Interactionism (Mind-Body Dualism) { Philosophy Index }

Philosophy Index

Philosophy Index

Philosophy Index is a site devoted to the study of philosophy and the philosophers who conduct it. The site contains a number of philosophy texts, brief biographies and introductions to philosophers and explanations on a number of topics. Accredited homeschooling online at Northgate Academy.

Philosophy Index is a work in progress, a growing repository of knowledge. It outlines current philosophical problems and issues, as well as an overview of the history of philosophy. The goal of this site is to present a tool for those learning philosophy either casually or formally, making the concepts of philosophy accessible to anyone interested in researching them. WOLI offers immigration law course online - fully accredited. ACE credits online at EES.

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Interactionism

Interactionism is a dualist position in the philosophy of mind which argues that (1) mind and body are separate, but that (2) there is causal interaction between the two.

Cartesian dualism, the position of René Descartes is the most famous example of interactionism.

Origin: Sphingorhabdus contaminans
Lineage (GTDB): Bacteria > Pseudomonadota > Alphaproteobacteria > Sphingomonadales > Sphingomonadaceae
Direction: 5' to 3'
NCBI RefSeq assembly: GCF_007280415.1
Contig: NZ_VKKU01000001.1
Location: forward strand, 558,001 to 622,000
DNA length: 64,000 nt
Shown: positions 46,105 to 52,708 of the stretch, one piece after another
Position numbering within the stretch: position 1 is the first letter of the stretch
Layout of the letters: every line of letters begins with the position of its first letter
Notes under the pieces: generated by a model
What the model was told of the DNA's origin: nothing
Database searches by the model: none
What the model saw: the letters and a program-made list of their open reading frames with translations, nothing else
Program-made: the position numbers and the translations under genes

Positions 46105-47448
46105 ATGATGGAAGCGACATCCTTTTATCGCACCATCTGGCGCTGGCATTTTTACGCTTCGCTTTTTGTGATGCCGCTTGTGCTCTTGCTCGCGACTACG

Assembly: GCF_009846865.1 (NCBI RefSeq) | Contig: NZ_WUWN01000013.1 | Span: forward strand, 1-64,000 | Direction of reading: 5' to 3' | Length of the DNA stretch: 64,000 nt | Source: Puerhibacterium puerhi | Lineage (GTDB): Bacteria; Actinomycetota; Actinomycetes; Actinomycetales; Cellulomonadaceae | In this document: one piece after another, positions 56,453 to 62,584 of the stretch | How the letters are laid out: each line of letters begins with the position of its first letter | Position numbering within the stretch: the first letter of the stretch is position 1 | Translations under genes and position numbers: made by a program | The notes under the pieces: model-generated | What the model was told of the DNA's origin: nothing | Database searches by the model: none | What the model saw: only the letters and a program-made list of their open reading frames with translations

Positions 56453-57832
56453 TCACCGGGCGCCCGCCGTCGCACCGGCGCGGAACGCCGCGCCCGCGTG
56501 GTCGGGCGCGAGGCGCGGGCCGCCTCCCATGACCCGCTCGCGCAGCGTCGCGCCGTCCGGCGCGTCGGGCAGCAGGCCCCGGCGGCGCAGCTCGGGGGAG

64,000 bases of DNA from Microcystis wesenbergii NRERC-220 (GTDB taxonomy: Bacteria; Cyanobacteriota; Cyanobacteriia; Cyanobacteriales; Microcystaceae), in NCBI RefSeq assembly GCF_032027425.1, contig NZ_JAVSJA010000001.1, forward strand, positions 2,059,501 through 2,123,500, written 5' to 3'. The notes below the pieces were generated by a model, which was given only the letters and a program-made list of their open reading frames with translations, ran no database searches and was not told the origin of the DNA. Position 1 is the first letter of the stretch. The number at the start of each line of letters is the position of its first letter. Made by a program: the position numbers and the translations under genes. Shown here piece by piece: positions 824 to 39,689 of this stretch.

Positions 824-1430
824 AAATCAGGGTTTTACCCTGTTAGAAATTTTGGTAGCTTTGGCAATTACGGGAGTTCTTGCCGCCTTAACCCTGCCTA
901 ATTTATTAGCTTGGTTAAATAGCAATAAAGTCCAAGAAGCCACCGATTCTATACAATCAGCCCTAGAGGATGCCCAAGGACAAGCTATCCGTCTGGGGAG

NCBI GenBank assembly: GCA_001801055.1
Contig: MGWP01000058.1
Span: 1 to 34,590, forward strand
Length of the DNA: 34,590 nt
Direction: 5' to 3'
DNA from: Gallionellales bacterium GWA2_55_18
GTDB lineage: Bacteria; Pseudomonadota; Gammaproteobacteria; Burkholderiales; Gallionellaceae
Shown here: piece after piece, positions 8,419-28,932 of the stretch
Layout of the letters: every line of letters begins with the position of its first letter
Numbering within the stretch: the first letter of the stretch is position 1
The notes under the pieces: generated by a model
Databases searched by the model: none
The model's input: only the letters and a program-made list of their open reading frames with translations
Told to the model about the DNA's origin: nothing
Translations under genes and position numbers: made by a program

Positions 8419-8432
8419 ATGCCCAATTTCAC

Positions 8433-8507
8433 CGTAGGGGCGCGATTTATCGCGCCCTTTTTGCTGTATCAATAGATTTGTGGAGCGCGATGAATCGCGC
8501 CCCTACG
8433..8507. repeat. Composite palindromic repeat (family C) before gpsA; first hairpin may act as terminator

Descartes was an interactionist, and a substance dualist who believed that the mind and body had a causal link. However, a problem arises when interactionalism and substance dualism are coupled — namely, how can an immaterial entity with no extension in the physical world cause changes in a physical body, and how can a physical body cause changes, moods or feelings in a non-physical mind?

Descartes at one point suggested that the pineal gland in the brain may be the link between the soul and the body, but later abandoned the idea admitting that he did not have an answer to the problem. Other followers of Descartes' tradition later suggested that the causal link between mind and body was occasion for divine intervention — that the apparent cause and effect were not direct, but that the hand of God was the actual cause of action in the physical world.

See: mind-body problem, René Descartes, occasionalism